Managing Desired State Configuration and DSC nodes
Although the logic says to start by defining some nodes for DSC, the proper method is first defining the DSC configurations. Click on DSC configurations, and click on browse gallery. A list of all existent DSC available on the community will be listed. We are going to select WindowsIISServerConfig from the list.
A new blade with the code will be displayed. Pay attention to the yellow square — that is all that is needed on DSC to install the web server role on a Windows Server. The following section defines some specific settings of the website. Click on import to bring this DSC configuration to our automation account. A new blade containing the name and a field to provide a description will appear. Click on OK.
Click on DSC configurations item, and the DSC configuration that we have just imported will be listed. Click on it, and click on compile, and on the dialogue box, click on yes.
Note: That is our first configuration and there aren’t nodes in our environment. However, if the current configuration is in use by nodes and we compile changes, those changes will affect the nodes.
The process may take a few moments depending on the size of the configuration file. Before going further, make sure that the process is flawless. In our example below, we can see an error when loading a module called xWebAdministration. That is common when using DSC configuration from the gallery.
We installed a DSC configuration, which requires a module that we do not have in our automation account. In order to install a new module, go back to the automation account, and click on modules gallery, type in the module being loaded in the DSC configuration, and import it.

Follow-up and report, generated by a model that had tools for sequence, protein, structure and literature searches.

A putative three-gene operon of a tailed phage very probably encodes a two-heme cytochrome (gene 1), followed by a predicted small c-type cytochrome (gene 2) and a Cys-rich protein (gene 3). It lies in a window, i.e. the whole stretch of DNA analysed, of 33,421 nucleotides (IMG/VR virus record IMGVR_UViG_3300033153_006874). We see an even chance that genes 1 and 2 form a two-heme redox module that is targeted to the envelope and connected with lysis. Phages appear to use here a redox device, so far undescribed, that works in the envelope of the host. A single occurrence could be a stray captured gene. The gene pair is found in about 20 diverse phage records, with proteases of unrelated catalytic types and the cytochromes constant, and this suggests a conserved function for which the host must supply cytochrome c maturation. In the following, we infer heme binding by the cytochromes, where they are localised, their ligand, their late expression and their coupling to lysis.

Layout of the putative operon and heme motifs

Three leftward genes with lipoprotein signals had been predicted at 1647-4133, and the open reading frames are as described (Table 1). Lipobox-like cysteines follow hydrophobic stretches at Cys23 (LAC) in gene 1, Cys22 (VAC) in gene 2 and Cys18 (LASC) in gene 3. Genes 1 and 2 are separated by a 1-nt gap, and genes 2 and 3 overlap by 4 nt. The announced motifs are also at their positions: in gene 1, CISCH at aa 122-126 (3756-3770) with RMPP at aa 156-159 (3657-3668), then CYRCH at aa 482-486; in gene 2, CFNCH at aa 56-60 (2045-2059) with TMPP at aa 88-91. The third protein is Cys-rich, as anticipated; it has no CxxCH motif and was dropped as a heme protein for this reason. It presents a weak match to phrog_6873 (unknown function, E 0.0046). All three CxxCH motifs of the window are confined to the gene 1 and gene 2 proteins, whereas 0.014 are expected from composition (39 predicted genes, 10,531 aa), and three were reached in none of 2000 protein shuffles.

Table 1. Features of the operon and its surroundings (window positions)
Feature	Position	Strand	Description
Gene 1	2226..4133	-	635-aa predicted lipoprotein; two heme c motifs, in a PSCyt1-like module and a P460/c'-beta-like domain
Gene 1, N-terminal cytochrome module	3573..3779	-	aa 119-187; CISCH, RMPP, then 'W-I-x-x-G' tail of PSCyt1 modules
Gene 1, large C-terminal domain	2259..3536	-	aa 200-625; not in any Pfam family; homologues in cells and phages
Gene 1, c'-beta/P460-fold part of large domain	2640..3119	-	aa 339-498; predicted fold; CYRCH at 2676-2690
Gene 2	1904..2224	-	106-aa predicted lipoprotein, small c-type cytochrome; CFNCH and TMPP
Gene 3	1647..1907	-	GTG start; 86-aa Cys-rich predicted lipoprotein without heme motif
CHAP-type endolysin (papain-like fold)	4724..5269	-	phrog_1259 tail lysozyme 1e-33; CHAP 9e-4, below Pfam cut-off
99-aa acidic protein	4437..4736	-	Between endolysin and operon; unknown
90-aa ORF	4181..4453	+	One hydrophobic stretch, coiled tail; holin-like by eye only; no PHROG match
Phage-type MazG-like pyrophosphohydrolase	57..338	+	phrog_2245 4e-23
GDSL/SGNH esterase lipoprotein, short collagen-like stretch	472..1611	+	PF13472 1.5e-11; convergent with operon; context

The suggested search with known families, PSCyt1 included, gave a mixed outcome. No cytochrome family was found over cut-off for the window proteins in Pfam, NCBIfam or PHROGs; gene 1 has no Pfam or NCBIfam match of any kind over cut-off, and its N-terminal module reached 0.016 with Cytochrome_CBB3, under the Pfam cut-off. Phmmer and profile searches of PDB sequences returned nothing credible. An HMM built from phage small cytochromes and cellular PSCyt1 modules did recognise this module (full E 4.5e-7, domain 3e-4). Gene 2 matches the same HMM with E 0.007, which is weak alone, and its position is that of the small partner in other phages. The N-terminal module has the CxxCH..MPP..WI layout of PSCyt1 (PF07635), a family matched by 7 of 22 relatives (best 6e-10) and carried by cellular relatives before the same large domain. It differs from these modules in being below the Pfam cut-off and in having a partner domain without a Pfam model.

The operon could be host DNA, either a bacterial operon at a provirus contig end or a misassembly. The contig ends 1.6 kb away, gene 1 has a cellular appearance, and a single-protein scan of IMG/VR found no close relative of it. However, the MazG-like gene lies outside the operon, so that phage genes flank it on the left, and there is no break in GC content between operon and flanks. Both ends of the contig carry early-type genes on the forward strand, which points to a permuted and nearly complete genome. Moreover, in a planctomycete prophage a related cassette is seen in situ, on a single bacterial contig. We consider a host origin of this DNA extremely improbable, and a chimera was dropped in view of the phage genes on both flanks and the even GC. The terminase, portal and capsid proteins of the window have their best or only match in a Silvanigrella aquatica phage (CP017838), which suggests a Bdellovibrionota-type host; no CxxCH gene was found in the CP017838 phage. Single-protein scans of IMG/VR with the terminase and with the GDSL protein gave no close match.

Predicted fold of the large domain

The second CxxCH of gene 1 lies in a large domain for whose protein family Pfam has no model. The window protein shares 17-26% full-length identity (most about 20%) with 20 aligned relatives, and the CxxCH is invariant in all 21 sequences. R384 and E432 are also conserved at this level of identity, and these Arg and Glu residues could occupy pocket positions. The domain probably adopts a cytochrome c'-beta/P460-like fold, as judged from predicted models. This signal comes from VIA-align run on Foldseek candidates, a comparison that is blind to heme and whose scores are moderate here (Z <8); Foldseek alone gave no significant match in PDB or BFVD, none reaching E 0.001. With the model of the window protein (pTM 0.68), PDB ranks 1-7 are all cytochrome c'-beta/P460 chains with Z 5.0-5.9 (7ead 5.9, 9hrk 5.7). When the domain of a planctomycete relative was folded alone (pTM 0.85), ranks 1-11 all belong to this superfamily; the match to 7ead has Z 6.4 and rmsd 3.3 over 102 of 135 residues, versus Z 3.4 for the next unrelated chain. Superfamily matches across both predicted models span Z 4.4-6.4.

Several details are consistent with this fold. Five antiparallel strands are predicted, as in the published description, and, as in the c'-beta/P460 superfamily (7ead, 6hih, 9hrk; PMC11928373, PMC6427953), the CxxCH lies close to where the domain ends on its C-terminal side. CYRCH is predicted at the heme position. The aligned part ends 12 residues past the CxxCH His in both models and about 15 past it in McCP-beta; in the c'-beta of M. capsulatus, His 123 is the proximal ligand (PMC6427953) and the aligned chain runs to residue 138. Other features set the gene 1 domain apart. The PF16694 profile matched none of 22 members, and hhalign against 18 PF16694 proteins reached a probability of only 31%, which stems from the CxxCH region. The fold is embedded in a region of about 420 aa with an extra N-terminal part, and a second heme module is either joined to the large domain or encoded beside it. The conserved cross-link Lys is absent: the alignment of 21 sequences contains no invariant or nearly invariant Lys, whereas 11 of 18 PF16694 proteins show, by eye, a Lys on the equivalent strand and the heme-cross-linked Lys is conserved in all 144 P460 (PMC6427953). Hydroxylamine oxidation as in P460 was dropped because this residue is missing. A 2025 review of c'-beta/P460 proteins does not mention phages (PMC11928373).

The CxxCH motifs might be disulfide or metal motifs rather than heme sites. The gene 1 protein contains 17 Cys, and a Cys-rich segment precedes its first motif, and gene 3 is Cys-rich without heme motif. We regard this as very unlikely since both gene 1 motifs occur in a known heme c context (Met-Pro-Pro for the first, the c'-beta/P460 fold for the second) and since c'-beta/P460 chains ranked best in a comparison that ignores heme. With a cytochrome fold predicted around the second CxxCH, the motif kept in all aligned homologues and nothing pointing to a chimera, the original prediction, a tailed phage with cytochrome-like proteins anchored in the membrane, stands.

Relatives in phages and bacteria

Note: If you have a custom module, you can click on modules and load the file for the module manually.
After installing the required modules, go back to the DSC configuration item and compile again the DSC configuration. When you get the status completed, then we can check the DSC node configurations item and we will have a node configuration for that specific DSC configuration.
Managing DSC nodes
After adding the DSC configuration and compiling the DSC node configuration, our final step is to associate the DSC node configurations to the VMs.
To associate a VM, click on DSC nodes, then click on Add Azure VM. In the new blade, select the desired VM (Item 1), in the next blade click on connect (Item 2), and in the last blade select the DSC configuration node that we generated in the last step. Click OK.
Wait for the process to add the new server As part of the process an extension will be added to the selected VM.
In the list of DSC nodes, we will have a list of all DSC nodes and their status. In the image below, we can see that the server ucboxdns01 is compliant, which means that all settings that we defined in the DSC configuration were applied and are in place on that current server.
If we want more details, click on the desired node and detailed information can be validated. When selecting one of the reports (left side) the report shows details such as which subcomponent is in compliance (in our case we have IIS feature, website settings. and app pools settings).
If we check the servers that have that DSC node assigned, they will have IIS installed and the settings that we defined in the DSC configuration.